complex-mental-illness
complex-mental-illness

Severe and complex mental illness

Overview

Research demonstrates that people experiencing severe mental illness are more likely to experience health problems, to the extent that their death may be premature. The National Mental Health Commission proposes that, in response to this, the mental health system must respond to whole-of-life needs, including through reduction of risk factors, such as smoking and obesity levels. Chapter eleven of Planning for Wellbeing is focused on improving outcomes for people experiencing severe and complex mental illness.

Facts and figures

4 out of 5 people living with mental illness have a coexisting physical illness.

People with severe mental illnesses are particularly at risk being 6 times more likely to die from cardiovascular disease, 5 times more likely to smoke and 4 times more likely to die from respiratory disease.

For people experiencing psychosis, there is a gap in life expectancy of between 14 and 23 years, compared with the general population.

In 2018, an estimated 22,000 adults (aged 18 to 64 years) in Brisbane North are expected to experience severe levels of mental illness. Approximately 33% of this group will experience a severe mental illness that is persistent in nature, and a further 10% will experience a severe and persistent mental illness, with enduring and disabling symptoms requiring service responses from multiple agencies.

Key documents

Stepped care fact sheet

Equally Well consensus booklet

My Mental Health services map

Planning for Wellbeing - Year one implementation report

Objectives and actions

11.1.1

Develop an action plan in line with the Equally Well Consensus Statement to address the physical health needs of people with severe and complex mental illness in our region

Planned completion

Status

On track

Updated

11.1.2

Support the delivery of programs/initiatives in the region that promote physical health (nutrition, diet and physical activity) and wellbeing for people living with severe mental illness

Planned completion

Status

On track

Updated

11.2.1

Collaborate with the housing and homeless sector to improve referral pathways and identify systemic gaps to service access for people living with severe mental illness

Planned completion

Status

On track

Updated

11.2.2

Develop an action plan to improve access to safe, secure and affordable housing for people living with severe mental illness

Planned completion

Status

On track

Updated

11.3.1

Review existing qualitative and quantitative research to identify knowledge and service gaps, and explore the service needs of people experiencing severe and complex mental illness and social and economic inclusion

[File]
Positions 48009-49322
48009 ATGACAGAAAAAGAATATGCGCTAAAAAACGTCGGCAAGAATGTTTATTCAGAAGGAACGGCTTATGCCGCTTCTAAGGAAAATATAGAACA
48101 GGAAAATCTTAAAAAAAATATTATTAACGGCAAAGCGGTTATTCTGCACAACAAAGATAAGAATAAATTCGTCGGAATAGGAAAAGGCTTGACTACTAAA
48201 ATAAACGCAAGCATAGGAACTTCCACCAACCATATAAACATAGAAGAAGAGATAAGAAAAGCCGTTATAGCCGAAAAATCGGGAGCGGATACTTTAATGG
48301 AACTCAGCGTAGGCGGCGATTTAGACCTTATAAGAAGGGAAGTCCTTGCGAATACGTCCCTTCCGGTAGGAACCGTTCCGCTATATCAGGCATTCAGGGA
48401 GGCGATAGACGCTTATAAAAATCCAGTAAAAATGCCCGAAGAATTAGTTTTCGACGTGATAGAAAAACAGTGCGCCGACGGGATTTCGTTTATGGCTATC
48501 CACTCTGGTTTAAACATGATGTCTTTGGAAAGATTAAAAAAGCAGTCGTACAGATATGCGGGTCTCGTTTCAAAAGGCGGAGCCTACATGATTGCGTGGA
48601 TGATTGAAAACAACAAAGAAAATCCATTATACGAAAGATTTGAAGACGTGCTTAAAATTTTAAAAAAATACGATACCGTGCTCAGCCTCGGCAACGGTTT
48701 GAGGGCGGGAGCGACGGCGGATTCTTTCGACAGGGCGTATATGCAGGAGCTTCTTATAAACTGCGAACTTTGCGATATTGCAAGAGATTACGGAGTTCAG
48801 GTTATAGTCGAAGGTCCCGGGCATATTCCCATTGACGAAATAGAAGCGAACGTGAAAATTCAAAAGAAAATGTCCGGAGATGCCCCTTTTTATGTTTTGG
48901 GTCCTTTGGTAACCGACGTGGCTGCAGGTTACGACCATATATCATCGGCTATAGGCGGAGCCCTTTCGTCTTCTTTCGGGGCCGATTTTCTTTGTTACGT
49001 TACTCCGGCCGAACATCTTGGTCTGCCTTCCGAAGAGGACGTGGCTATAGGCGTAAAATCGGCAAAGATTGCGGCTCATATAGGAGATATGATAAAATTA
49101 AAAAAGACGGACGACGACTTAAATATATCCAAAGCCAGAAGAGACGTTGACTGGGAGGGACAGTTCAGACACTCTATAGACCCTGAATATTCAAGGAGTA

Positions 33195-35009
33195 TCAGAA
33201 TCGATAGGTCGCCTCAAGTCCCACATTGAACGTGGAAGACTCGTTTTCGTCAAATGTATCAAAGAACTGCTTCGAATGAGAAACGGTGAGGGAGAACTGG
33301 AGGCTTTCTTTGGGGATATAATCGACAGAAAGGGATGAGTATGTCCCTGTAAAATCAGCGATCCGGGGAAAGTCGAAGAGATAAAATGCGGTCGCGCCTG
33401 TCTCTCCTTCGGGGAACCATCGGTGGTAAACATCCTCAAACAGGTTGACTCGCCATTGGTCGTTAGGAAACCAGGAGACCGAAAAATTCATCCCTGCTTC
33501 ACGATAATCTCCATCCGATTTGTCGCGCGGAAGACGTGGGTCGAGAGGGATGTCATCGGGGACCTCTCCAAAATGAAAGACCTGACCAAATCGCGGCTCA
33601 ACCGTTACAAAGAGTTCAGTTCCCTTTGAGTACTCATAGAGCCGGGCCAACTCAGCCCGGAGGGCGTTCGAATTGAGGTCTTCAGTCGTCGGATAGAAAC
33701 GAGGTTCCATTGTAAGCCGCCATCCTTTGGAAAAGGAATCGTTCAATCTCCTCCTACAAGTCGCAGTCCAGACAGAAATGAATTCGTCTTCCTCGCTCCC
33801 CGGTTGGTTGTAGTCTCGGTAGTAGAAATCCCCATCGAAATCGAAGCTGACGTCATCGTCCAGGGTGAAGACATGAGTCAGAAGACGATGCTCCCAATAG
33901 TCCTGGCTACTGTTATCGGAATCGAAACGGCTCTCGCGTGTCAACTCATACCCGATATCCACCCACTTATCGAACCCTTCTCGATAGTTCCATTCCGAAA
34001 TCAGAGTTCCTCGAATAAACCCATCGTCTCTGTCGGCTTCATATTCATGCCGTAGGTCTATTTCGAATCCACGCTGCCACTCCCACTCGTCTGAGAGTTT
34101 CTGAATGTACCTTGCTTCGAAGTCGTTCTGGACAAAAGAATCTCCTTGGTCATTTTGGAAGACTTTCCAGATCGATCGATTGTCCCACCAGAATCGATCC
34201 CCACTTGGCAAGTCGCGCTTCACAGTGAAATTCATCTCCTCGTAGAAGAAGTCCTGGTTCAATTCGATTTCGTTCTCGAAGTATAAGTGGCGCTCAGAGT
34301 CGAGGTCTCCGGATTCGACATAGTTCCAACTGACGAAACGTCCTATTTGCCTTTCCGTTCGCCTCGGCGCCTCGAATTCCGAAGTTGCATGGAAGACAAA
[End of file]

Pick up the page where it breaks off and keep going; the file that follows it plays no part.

Planned completion

Status

On track

Updated

11.3.2

develop an evidence based action plan to address the social and economic inclusion of people with severe and complex mental illness

Planned completion

Status

On track

Updated

11.4.1

Identify and promote existing alternatives to hospital Emergency Departments (EDs) for people experiencing severe mental illness who are distressed

Planned completion

Status

On track

Updated

11.4.2

Secure funding to support implementation of the Safe Spaces three tiered model in line with the Safe Spaces implementation plan

Planned completion

Status

On track

Updated

11.5.1

Evaluate recommendations implemented from the Discharge and Transition Action Group on improving admissions, hospital stays and discharge planning

Planned completion

Status

On track

Updated

11.5.2

Design and implement a project that supports clients preparing for discharge in their transition from hospital to community living

Planned completion

Status

On track

Updated

11.6.1

Identify and implement a best practice model (trauma informed, recovery orientated and person centred care) to provide a full range of services across the continuum of care

Planned completion

Status

On track

Updated

Governance

The Collaboration in Mind Group was born out of the North Brisbane Partners in Recovery (PiR) Initiative, as a mechanism to allow stakeholders with a vested interest in improving outcomes for people with severe and complex mental illness to meet and progress issues collaboratively.  The Group expanded its scope beyond the PiR Initiative, and continues to meet since the transition of the PiR Initiative into the National Disability Insurance Scheme (NDIS).  In 2018, the Collaboration in Mind Group was reviewed, with the Group supporting the transition to a new structure.  The smaller, Collaboration in Mind Core Group was formed, and has direct oversight over implementation of Chapter Eleven – Severe and Complex Mental Illness within Planning for Wellbeing.

Membership

Grace Kerr

Program Development Officer

Brisbane North PHN

Daniel Henderson

General Practitioner

Albany Hills Radius Medical Centre

Danielle Alchin

Team Leader - Metro North Mental Health Resource Team

Metro North Mental Health Service

Karen Dare

CEO

Communify

Kathy Faulkner

Priority Communities Manager

Brisbane North PHN

Richelle Spence

Lived Experience Representative (Mental illness)

N/A

Karen Thomas

QLD State Manager

Neami

Tania Schmakeit

Regional Manager

Stride

Richelle Spence

Consumer / Carer Representative

N/A

Stefanie Roth

Consumer / Carer Representative

N/A

Christina Sutcliffe-Thomas